SOUTH Africa's Deputy President, Cyril Ramaphosa, has called on Gauteng province to lead in the fight against xenophobia.
Ramaphosa was addressing a Gauteng social cohesion summit in Johannesburg on Friday. The summit comprised of government, NGOs, civil society and was called to promote cohesion in society.
"As the province with the largest number of immigrants, Gauteng must lead the way in combating xenophobia in all its manifestations," Ramaphosa said.
"The people of this province must, through their actions, underscore the fact that foreign nationals pose no threat to our desire for social cohesion nor do they present any impediment to the achievement of a common South African nationhood."
The social cohesion summits are being held throughout South Africa in an attempt to encourage peaceful co-existence and development.
Ramaphosa's call comes hardly a week after the Gauteng City-Region Observatory and the University of the Witwatersrand, the Gauteng government, and the SA Local Government Association released the results of a survey which showed that people in the province were intolerant of foreigners.
Of the 25,000 South Africans interviewed, 35 percent said foreigners should be deported back to their countries.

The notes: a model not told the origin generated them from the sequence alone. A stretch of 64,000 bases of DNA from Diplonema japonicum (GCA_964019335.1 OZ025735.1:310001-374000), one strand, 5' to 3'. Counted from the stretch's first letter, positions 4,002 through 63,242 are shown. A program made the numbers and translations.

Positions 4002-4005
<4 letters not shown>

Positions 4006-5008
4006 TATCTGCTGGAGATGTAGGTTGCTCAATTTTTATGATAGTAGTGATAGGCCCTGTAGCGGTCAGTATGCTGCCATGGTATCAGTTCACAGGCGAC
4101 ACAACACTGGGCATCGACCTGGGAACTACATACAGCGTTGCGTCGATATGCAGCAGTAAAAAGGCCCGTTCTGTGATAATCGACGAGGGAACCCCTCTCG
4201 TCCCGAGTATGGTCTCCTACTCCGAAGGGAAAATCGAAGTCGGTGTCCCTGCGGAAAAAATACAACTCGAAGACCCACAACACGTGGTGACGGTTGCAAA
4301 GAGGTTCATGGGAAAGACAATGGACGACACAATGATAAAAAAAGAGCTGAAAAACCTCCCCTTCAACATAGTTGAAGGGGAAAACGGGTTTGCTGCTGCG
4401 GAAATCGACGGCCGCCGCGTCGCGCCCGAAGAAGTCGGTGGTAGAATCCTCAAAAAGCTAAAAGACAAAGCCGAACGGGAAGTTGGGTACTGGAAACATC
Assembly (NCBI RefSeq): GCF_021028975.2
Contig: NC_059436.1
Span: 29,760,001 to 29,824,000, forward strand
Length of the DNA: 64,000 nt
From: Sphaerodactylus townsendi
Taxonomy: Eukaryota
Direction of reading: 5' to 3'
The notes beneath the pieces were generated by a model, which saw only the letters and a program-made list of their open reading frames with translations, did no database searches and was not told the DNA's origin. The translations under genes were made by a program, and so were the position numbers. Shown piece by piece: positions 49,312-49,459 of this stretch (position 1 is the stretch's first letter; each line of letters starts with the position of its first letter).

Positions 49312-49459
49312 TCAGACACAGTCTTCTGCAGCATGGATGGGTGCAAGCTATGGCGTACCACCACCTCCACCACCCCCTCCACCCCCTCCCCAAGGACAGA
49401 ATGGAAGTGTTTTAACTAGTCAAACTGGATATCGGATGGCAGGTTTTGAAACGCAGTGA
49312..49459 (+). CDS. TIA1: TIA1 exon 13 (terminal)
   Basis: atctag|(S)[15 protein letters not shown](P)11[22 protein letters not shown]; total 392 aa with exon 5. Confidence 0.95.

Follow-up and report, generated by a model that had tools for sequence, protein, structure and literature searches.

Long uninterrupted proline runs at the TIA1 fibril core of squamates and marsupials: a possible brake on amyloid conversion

But Ramaphosa said Pretoria had invested heavily "with a singular intention of moving South Africa forward and enhancing social cohesion".
"We need to act together, consciously and deliberately, to ensure that the differences and discord of the past do not define our future. Active citizenry is the cornerstone for achieving this vision," he said.
Attacks against foreigners are common in South Africa.
Only last week, shops owned by foreigners were looted in Johannesburg during a protest over land.
About 62 foreigners were killed in the worst violence against foreigners in 2008. The South Africans accused the foreigners of stealing their jobs.